Jesus Christ is the fulfillment of the Beatitudes. Seek to be more Christ-like in your thoughts, words and actions. God promises blessings for all who abide by His commands. God’s rewards are eternal, while worldly rewards are fleeting. Seek God with all your heart. Submit to His holy will. Your attitude of faith and obedience will witness to others. Stand firm in the faith and you will be blessed.

“Blessed are you when men revile you and persecute you and utter all kinds of evil against you falsely on my account. Rejoice and be glad, for your reward is great in heaven, for so men persecuted the prophets who were before you.” Matthew 5:11-12

Peace and blessings in the name of our Lord Jesus Christ.

Strengthen Your Family through Living the Beatitudes (Part 1)


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Sermon on the Mount

Stained Glass Windows – St. Vincent de Paul Chapel, St. Louis, MO

This is the first of a two-part series studying the lessons from Jesus’ “Sermon on the Mount,” commonly known as the “Beatitudes” (Mt 5:3-10). The Sermon on the Mount challenges us to live in heartfelt obedience to God’s commands. The Beatitudes tell us how to be blessed. This is more than a sense of happiness. It is an experience of hope and joy independent of circumstances, because we are focused on our eternal home in heaven. This hope and joy, the highest form of happiness, can only be found in a personal relationship with Jesus Christ.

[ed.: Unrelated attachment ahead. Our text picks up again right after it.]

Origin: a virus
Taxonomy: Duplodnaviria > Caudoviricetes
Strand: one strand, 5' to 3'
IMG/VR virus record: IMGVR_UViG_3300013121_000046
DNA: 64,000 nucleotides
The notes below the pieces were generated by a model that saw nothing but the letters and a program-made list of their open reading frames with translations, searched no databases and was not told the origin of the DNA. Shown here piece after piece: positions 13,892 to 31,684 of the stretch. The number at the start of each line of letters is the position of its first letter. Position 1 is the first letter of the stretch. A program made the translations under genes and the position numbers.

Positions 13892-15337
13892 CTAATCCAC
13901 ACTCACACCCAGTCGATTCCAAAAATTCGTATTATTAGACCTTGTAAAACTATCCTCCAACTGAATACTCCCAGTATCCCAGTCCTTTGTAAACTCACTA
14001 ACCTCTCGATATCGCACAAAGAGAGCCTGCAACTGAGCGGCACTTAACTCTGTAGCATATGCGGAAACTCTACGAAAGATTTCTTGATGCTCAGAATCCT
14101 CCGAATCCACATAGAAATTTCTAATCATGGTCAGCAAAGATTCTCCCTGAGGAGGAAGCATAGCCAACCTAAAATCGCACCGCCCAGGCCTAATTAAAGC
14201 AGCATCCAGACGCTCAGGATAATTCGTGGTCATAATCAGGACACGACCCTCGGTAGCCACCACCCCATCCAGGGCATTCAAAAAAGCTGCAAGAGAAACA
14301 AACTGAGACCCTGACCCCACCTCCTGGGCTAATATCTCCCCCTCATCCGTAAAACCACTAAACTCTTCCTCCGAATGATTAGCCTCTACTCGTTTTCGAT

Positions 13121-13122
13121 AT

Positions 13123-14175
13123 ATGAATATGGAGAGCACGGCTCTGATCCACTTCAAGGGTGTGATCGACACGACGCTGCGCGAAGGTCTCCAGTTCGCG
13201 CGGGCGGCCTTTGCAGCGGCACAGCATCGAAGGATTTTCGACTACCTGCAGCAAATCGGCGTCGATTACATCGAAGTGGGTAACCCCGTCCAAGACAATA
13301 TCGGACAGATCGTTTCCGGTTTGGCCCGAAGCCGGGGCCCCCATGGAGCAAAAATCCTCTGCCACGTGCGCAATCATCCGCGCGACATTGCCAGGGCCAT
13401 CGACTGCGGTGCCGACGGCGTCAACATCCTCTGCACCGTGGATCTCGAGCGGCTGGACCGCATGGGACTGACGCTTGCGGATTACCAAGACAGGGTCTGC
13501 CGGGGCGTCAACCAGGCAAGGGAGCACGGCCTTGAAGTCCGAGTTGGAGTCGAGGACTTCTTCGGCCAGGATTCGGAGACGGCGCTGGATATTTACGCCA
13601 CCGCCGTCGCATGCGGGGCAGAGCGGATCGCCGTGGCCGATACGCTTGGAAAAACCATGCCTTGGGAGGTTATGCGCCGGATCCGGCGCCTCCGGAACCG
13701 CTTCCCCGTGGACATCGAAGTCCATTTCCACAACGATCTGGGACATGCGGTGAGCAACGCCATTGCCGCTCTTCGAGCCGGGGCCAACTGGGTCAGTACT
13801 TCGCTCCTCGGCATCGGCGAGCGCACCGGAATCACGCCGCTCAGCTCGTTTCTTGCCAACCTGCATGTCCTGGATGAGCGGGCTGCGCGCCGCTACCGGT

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Families: The center of evangelization efforts in the Archdiocese of Detroit


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Archbishop Allen H. Vigneron of Detroit

Photo Credit: The Michigan Catholic

On June 3rd, the Vigil of Pentecost, Archbishop Allen H. Vigneron of Detroit issued a pastoral letter, Unleash the Gospel. This letter is the game plan for the transformation of the Archdiocese into a “joyful band of missionary disciples.”

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Love That Will Last


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St. Dominic Adoring the Crucifixion, Fra Angelico, c. 1442

Beloved, let us love one another; for love is of God, and he who loves is born of God and knows God. He who does not love does not know God; for God is love. 1 John 4:7-8